Labor Mediator and Abitrator, Theodore W. Kheel, dies at 96
Arguably one of the most well known and successful labor mediators and arbitrators of the 1950s and 1960s, Theodore W. Kheel, died Friday, 12 November 2010.
Theodore Woodrow Kheel, named after Theodore Roosevelt and Woodrow Wilson, was born May 9, 1914 in Brooklyn, N.Y. to parents Sam Kheel and Kate Herzenstein. He attended DeWitt Clinton High School, he then graduated from Cornell University in 1935 and two years later graduated from its law school. The day after passing the New York Bar Exam he married Ann Sustein.
In 1938 he joined the legal team of the National Labor Relations Board and for the next 10 years Kheel worked in various government jobs related to Labor. He went into private practice in 1948 and began settling disputes between private transit companies and the Transit Workers Union. He was appointed by New York Mayor Richard J. Wagner as arbitor for the citywide transit authority in 1956. Over the next 30 years Kheel would make decisions on an average of 1,000 cases each year. Called on by mayors and presidents alike to help prevent or end strikes, Theodore Kheel established a reputation of being "the most influential peacemaker in New York City". Kheel was known for his ability to negiotitate contracts between even the most bitter opponents. Most notably, Kheel helped end the 114 day New York newspaper strike in 1962-1963 and President Lyndon Johnson called on his services a year later to help prevent a nation wide rail strike.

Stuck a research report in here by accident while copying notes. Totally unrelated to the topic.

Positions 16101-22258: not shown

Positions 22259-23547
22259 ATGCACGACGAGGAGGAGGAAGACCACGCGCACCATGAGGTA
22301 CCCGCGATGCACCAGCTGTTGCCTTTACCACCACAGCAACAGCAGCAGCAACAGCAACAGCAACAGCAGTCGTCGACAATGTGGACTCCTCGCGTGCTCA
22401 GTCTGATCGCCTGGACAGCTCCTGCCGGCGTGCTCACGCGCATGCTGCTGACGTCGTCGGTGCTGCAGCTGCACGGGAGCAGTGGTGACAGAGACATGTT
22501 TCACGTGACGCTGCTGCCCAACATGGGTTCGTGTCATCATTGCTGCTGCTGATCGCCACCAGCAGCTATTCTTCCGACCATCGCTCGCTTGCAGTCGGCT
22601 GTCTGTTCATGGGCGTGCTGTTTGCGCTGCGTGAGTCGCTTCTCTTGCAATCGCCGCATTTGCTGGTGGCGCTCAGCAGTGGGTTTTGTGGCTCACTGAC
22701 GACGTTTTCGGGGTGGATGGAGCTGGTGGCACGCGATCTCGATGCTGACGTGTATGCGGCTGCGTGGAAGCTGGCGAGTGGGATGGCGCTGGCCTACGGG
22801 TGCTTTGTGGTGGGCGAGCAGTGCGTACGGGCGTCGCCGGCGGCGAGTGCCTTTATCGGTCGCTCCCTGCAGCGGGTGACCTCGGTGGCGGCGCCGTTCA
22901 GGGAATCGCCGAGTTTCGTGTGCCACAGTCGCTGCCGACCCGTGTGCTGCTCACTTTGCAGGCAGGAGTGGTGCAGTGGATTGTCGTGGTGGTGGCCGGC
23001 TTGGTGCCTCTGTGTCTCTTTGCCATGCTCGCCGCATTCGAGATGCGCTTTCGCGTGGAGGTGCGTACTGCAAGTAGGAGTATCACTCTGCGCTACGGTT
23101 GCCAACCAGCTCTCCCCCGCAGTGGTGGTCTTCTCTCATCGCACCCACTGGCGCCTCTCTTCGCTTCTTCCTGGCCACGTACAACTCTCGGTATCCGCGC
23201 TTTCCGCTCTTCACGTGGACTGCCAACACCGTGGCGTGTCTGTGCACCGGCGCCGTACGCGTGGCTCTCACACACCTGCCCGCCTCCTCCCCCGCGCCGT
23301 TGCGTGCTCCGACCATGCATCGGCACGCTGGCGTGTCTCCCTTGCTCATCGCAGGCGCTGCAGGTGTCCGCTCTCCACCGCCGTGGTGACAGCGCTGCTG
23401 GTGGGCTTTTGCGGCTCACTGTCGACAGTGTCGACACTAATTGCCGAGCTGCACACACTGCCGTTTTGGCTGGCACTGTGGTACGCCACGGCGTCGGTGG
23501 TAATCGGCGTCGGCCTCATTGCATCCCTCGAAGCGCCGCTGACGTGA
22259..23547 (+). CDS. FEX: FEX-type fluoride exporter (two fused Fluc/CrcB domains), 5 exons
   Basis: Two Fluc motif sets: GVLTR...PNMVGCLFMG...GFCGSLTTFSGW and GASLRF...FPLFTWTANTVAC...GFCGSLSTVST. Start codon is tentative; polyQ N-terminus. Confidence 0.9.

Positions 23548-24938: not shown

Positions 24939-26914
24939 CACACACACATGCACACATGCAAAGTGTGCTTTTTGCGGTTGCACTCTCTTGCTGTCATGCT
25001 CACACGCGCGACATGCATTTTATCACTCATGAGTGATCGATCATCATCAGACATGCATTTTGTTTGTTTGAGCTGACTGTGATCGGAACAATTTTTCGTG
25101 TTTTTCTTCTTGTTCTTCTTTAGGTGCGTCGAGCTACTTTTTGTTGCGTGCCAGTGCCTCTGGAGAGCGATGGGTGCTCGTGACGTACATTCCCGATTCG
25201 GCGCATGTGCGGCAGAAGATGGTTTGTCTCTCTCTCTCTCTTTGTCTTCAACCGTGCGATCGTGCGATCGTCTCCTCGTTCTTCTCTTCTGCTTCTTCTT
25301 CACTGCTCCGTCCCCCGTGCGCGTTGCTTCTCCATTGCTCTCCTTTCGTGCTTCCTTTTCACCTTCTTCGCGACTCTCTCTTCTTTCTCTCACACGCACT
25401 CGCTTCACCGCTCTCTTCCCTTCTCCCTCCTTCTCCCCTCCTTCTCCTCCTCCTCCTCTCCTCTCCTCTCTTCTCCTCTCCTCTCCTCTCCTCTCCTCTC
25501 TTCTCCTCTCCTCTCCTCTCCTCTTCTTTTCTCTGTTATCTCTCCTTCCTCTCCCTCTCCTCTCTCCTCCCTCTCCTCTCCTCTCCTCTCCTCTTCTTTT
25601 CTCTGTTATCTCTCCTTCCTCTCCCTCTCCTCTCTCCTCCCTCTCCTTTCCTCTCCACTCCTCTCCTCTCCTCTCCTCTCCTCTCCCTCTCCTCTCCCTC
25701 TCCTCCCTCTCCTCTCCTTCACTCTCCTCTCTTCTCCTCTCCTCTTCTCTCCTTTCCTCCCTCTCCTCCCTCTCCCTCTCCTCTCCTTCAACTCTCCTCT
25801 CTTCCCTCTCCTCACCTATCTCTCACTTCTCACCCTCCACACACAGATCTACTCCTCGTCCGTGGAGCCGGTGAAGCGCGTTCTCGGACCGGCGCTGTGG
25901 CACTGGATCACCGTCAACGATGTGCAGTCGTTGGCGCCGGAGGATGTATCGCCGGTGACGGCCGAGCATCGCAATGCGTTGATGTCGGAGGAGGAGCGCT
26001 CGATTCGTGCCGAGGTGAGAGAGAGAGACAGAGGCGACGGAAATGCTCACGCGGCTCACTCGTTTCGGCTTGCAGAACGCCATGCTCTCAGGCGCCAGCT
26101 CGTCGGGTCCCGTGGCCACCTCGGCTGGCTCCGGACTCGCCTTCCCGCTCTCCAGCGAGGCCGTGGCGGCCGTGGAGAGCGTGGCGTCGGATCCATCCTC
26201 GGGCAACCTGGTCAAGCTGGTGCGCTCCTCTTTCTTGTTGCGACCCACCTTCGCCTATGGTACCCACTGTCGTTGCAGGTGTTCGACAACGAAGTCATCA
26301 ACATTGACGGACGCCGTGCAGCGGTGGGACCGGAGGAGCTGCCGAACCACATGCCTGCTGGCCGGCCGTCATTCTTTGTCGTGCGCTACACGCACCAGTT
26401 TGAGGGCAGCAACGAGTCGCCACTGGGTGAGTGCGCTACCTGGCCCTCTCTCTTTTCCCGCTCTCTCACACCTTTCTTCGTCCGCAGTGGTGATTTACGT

As well as investor, entreprenuer, author, lawyer, and public servant, Theodore Kheel established himself as a philanthropist by heading the Gandhi Society for Human Rights. Created in 1962, by Harry Wachtel, Clarence Jones, and Kheel, the mission of the Gandhi Society was to provide legal defense for civil rights cases, educational materials propagating nonviolent methods and voter registration activities, and financial assistance for civil rights projects to organizations, such as the Southern Christian Leadership Conference.
In his later years Kheel turned his attention to environmental activism establishing Earth Pledge and Nuture Nature Foundation.
He is survived by his six children, eleven grandchildren and six great-grandchildren.